4. Pulling off the D-Day landings involved some elaborate trickery to fool the Nazis.

If the Allies landed in France, Hitler was confident that his men could repel them. “They will get the thrashing of their lives,” the Führer boasted. But in order to do that, the German military would need to know exactly where the Allied troops planned to begin their invasion. So in 1943, the Allies kicked off an ingenious misinformation campaign. Using everything from phony radio transmissions to inflatable tanks, they successfully convinced the Germans that the British and American forces planned to make landfall at the Pas de Calais. Duped by the charade, the Germans kept a large percentage of their troops stationed there (and in Norway, which was the rumored target of another bogus attack). That left Normandy relatively under-defended when D-Day came along.

5. D-Day was planned with the help of meteorologists.

The landings at Normandy and subsequent invasion of France were code-named “Operation Overlord,” and General Dwight D. Eisenhower (the future U.S. president) led the operation. To choose the right date for his invasion, Eisenhower consulted with three different teams of meteorologists, who predicted that in early June, the weather would be best on June 5, 6, or 7; if not then, they'd have to wait for late June.

Originally, Eisenhower wanted to start the operation on June 5. But the weather didn’t cooperate. To quote geophysicist Walter Munk, “On [that date], there were very high winds, and Eisenhower made the decision to wait 24 hours. However, 24 hours later, the Americans predicted there would be a break in the storm and that conditions would be difficult, but not impossible.” Ultimately, Ike began the attack on June 6, even though the weather was less than ideal. It’s worth noting that if he’d waited for a clearer day, the Germans might have been better prepared for his advance. (As for the dates they'd suggested for late June? There was a massive storm.)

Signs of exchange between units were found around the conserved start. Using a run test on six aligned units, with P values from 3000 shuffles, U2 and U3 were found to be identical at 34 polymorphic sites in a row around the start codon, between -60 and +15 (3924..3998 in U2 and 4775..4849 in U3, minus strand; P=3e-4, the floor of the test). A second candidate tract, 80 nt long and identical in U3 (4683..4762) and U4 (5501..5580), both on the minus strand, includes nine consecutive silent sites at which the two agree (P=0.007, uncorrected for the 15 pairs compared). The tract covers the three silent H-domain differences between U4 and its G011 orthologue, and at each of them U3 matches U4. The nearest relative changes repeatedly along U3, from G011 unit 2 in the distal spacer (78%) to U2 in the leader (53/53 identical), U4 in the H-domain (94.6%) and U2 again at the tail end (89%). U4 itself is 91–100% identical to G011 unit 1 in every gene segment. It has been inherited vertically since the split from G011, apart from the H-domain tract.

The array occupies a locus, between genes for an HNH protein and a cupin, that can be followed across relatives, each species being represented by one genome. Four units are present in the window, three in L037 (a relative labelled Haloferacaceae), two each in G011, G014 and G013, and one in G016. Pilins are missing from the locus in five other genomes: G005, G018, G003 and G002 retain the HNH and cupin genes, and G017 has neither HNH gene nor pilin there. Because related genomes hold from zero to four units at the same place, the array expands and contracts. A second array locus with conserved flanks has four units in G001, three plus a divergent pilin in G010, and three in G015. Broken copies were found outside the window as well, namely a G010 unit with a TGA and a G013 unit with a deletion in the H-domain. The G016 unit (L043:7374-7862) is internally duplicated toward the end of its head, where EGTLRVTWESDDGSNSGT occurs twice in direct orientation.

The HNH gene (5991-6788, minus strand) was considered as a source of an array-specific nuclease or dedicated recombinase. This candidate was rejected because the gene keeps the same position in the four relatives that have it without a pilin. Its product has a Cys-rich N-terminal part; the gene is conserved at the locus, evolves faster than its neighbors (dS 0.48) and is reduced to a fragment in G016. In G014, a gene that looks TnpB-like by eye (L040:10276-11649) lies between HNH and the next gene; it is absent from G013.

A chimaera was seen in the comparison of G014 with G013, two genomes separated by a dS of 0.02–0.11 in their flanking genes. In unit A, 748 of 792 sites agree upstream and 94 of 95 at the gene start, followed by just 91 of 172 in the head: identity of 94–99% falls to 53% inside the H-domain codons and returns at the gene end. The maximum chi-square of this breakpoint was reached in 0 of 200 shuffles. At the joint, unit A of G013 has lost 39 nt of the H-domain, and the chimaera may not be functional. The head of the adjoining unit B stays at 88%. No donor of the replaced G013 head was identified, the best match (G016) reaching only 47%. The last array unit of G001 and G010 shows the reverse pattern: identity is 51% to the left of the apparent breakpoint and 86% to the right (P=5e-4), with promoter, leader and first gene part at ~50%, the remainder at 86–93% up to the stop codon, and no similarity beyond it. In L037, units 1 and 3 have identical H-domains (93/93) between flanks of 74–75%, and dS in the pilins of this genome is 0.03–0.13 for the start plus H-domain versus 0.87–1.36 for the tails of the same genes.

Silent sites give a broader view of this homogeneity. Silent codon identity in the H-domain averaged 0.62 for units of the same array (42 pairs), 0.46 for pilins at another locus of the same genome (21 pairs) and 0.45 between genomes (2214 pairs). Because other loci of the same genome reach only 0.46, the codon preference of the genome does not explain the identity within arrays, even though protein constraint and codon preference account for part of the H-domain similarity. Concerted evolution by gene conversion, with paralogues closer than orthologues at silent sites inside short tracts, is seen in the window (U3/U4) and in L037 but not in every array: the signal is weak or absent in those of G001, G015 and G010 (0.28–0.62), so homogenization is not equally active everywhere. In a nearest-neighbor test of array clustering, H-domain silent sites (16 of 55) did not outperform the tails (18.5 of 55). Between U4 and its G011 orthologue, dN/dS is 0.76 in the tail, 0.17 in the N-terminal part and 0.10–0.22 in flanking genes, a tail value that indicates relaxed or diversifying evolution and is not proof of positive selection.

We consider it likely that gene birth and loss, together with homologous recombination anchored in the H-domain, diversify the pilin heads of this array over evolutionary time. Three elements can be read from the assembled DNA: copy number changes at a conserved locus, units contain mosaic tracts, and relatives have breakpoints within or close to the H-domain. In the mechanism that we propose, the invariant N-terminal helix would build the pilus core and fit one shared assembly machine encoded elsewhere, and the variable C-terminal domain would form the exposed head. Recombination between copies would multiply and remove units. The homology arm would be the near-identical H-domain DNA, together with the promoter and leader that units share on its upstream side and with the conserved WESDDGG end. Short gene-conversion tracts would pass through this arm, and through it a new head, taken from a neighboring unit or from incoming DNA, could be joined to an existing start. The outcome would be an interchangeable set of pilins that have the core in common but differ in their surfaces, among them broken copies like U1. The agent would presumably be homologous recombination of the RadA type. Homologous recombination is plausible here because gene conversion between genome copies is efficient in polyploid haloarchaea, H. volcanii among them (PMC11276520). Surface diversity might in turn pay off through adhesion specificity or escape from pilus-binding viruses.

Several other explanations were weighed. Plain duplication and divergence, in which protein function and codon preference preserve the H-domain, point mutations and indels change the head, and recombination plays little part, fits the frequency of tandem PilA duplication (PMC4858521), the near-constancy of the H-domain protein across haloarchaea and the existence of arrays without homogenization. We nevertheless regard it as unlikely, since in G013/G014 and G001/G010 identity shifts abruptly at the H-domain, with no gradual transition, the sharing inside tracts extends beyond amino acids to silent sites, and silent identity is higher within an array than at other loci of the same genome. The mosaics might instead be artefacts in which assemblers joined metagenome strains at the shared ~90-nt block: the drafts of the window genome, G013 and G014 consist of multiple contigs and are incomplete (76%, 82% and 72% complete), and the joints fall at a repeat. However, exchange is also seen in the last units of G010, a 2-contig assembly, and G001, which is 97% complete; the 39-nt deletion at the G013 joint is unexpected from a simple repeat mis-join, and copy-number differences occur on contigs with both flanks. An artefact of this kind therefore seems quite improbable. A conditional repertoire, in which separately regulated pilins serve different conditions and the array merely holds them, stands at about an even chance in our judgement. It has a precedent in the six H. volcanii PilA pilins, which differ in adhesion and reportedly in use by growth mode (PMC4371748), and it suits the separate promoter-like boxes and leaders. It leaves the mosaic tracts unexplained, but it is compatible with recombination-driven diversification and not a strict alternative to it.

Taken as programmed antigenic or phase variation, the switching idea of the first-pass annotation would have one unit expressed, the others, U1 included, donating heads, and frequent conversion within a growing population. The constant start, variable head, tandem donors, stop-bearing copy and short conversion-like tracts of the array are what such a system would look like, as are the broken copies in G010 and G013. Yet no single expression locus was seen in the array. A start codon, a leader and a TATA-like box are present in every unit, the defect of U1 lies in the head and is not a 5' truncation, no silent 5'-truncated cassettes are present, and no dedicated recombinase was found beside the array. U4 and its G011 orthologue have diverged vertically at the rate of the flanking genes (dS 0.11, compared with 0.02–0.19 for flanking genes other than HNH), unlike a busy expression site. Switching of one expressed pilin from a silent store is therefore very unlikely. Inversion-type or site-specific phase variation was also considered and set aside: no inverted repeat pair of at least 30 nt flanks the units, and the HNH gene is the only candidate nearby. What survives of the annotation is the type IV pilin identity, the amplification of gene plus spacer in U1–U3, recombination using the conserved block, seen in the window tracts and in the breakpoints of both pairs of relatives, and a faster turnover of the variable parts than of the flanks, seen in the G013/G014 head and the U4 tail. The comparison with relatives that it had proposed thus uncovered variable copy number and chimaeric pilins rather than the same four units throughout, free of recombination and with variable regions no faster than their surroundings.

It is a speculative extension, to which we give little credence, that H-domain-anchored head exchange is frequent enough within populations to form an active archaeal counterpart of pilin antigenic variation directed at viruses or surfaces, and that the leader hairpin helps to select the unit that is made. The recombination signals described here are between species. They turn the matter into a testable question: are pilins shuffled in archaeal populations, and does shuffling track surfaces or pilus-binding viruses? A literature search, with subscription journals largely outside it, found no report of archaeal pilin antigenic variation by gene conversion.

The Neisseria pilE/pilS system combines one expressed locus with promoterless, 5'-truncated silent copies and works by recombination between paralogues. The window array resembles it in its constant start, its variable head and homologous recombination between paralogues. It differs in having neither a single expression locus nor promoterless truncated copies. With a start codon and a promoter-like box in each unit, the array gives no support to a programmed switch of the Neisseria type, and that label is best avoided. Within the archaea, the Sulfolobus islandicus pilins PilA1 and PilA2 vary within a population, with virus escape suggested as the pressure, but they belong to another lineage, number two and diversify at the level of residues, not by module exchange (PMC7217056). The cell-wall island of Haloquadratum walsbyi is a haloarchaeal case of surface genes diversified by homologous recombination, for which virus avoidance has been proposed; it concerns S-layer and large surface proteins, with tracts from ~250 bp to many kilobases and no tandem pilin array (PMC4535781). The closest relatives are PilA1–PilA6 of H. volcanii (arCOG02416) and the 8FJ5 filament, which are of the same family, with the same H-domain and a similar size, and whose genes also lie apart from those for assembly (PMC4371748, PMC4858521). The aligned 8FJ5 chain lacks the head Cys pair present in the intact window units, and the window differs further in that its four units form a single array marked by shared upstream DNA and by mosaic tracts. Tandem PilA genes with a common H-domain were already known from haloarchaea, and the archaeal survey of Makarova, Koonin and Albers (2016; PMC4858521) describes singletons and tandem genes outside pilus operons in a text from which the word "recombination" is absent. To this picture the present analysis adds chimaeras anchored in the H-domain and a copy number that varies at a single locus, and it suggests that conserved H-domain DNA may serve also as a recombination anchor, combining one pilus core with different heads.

6. "D-Day" was a common military term, according to Eisenhower's personal aide.

A few years after Eisenhower retired from public life, he was asked if the “D” in “D-day” stood for anything. In response to this inquiry, his aide Robert Schultz (a brigadier general) said that “any amphibious operation has a ‘departed date’; therefore the shortened term ‘D-Day’ is used” [PDF].

7. D-Day was among the largest amphibious assaults in military history.

U.S. troops in landing craft, during the D-Day landings.
Keystone/Getty Images

On D-Day, approximately 156,115 Allied troops—representing the United States, the United Kingdom, Canada, Australia, Belgium, Czechoslovakia, France, Greece, New Zealand, Norway, and Poland—landed on the beaches of Normandy. They were accompanied by almost 7000 nautical vessels. In terms of aerial support, the Allies showed up with more than 10,000 individual aircrafts, which outnumbered the German planes 30 to one.

8. On D-Day, floating tanks were deployed by the Allies.

The brainchild of British engineers, the Sherman Duplex Drive Tanks (a.k.a. “Donald Duck” tanks) came with foldable canvas screens that could be unfurled at will, turning the vehicle into a crude boat. Once afloat, the tanks were driven forward with a set of propellers. They had a top nautical speed of just under 5 mph. The Duplex Drives that were sent to Juno, Sword, and Gold fared a lot better than those assigned to Omaha or Utah. The one at Omaha mostly sank because they had to travel across larger stretches of water—and they encountered choppier waves.

9. When the D-Day attack started, Adolf Hitler was asleep.